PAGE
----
This weekend, Bangor joins cities across the US in a National Day of Civic Hacking, brainstorming and building technical solutions to local problems. In other good news, you can now rescue Mario in Donkey Kong as Pauline.
On the downside, you can also open hotel rooms with an Arduino and hack commercial aircraft with a cell phone. Oh, and Anonymous hacked their way into a Mexican standoff with Los Zetas narco lords.
June 1-2, 2013
Who: Maine Hacker Club, in collaboration with the City of Bangor, The University of Maine System & The Maine Discovery Museum
What: A gathering of 50-70 technologists with the goal of prototyping solutions to a curated list of local community problems in a 30 hour programming sprint.
Where: Eastern Maine Development Corporation, 40 Harlow Street in Downtown Bangor
When: 7:30 AM June 1st until 5:00PM June 2nd, 2013
Why: To unite our technical community around the goal of solving local problems and a greater civic good. To make Bangor one of the cities participating in the National Day of Civic Hacking.
If you are a student, faculty or staff member of any of the UMaine System campuses you can attend for free using the code UMSYSTEM
This is a non-profit event in accordance with the Random Hacks of Kindness event guidelines. Any excess funds (if there are any) will be donated to charity after the event.
The document wasn’t that important. It was a form for transit subsidy requests. And the change was tiny, a typo fix. Iceeey suggested the agency change the line “Daily rountrip cost” to “Daily roundtrip cost”….
The document had been published on the software code collaboration website GitHub, with the express idea that it could be hacked, commented on, and improved in public just like open source software.
With this simple bug fix — called a “pull request” in GitHub parlance — a longstanding wall between the government and its citizens crumbled….
This shift encompasses not just government documents but software too. GitHub and other tools are allowing agencies to openly collaborate with outside programmers in ways they rarely have in the past. In 2009, there were just nine government-backed source code projects hosted on GitHub. Today, there are more than 350.
“You’re starting to see a lot of the activity that I think has been happening more quietly and will be talked about more publicly now,” says GitHub’s Doll. “I’ve seen cross-agency pull requests where one agency will notice that there is this project that another agency is working on, and in sort of an adorable way, they’re asking: ‘Gee, can I use this?’ In the open source ethos, it’s: ‘Of course, you can use this.’”
RIGHT: US government use of GitHub.
“What do you do when your daughter wants the girl to be the hero of your old video game? If you’re Mike Mika, you hack the game ROM to reverse the roles. He even changed the ‘M’ at the top of the screen to a ‘P.’”
One day after work, she asked to play Donkey Kong, only this time she raised a pretty innocent and simple question: “How can I play as the girl? I want to save Mario!”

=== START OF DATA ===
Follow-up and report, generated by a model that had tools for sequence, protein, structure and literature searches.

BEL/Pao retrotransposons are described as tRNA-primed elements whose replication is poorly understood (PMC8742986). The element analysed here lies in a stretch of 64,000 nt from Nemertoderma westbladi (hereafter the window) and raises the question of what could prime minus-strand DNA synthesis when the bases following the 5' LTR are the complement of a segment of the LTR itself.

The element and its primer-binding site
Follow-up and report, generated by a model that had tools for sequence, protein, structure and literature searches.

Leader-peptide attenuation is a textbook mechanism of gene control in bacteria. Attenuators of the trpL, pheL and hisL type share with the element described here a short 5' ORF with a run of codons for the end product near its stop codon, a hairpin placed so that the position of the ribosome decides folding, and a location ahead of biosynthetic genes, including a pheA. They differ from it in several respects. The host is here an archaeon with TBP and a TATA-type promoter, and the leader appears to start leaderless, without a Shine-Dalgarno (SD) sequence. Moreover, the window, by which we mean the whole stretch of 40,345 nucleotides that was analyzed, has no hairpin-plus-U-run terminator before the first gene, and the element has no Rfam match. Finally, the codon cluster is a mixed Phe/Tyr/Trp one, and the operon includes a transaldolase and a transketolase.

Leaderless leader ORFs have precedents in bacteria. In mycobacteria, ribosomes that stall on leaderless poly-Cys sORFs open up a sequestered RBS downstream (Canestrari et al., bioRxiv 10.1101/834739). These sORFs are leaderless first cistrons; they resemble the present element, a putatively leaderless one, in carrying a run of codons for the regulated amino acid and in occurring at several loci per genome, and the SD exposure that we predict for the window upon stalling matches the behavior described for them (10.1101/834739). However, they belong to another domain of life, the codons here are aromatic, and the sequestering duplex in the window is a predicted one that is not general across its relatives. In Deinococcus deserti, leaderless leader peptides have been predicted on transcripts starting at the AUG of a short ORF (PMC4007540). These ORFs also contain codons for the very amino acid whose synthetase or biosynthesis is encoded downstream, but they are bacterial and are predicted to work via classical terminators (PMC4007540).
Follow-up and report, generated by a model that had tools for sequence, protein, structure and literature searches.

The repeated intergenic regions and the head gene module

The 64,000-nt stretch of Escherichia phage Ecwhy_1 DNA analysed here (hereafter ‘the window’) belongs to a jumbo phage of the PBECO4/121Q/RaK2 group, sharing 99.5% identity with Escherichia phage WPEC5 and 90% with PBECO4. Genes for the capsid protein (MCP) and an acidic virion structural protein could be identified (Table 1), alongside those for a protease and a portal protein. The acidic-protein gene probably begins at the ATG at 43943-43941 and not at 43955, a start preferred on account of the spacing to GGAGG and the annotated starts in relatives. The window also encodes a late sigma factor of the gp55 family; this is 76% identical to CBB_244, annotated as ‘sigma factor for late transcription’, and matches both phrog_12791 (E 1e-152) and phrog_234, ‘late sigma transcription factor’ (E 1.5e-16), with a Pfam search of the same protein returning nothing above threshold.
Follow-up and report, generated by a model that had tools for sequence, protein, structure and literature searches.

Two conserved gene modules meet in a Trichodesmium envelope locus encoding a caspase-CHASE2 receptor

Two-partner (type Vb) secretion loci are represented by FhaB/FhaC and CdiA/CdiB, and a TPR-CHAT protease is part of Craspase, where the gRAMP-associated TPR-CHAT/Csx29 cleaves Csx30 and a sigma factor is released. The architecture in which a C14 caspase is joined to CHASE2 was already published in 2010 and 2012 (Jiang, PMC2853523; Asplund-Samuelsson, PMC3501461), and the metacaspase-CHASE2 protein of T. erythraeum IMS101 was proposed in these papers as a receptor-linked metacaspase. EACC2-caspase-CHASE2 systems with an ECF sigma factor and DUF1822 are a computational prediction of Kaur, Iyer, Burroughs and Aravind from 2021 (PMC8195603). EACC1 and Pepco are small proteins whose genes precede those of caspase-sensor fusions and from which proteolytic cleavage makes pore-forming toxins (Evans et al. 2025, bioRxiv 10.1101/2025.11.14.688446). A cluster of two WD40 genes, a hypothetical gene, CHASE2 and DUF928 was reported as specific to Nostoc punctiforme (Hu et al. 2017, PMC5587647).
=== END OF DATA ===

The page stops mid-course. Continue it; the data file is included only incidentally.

It made sense. We had just played Super Mario Bros. 2 on the NES a few days before, and she became obsessed with playing as Princess Toadstool. So to go back to Donkey Kong, I can see how natural it seemed to ask the question. I explained to her that Donkey Kong, while similar, is not the same game. On this occasion, I really could tell that she was disappointed. She really liked Donkey Kong, and really liked playing as Princess Toadstool. We left it at that and moved on.
But that question! It kept nagging at me. Kids ask parents all the time for things that just aren’t possible. But this time, this was different. I’m a game developer by day. I could do this.
Until today, hacking and hijacking planes by pressing a few buttons on an Android mobile app has been the stuff of over-the-top blockbuster movies. However, the talk that security researcher and commercial airplane pilot Hugo Teso delivered today at the Hack in the Box conference in Amsterdam has brought it into the realm of reality and has given us one more thing to worry about and fear
‘With how stupidly simple this is, it wouldn’t surprise me if a thousand other people have found this same vulnerability and sold it to other governments,’ says Brocious. ‘An intern at the NSA could find this in five minutes.’”
“In the fall of 2011, two clandestine non-state groups–a hacktivist collective and a Mexican drug cartel–stared each other down in the digital domain, with potentially fatal real world consequences for both sides. Los Zetas, a Mexican drug trafficking organization composed of former members of Mexico’s Special Forces, kidnapped a member of Anonymous, the global hacking group, in Veracruz on October 6th. In retaliation, Anonymous threatened to publicize online the personal information of Los Zetas and their associates, from taxi drivers to high-ranking politicians, unless Los Zetas freed their abductee by November 5th. The release of this information on the Internet would have exposed members of Los Zetas to not only possible arrest by Mexican authorities, but also to assassination by rival cartels. Unconfirmed reports suggest that Los Zetas then attempted to “reverse hack” Anonymous to uncover some of its members and to threaten them with death. As a consequence, a few members of Anonymous sought to call off the operation and disavowed those members who wanted to go forward. With time running out and locked in a stalemate, Los Zetas released their kidnap victim on November 4th with an online warning that they would kill ten innocent people for each name that Anonymous might subsequently publicize. Anonymous called off its operation; each side appeared to step back from the brink.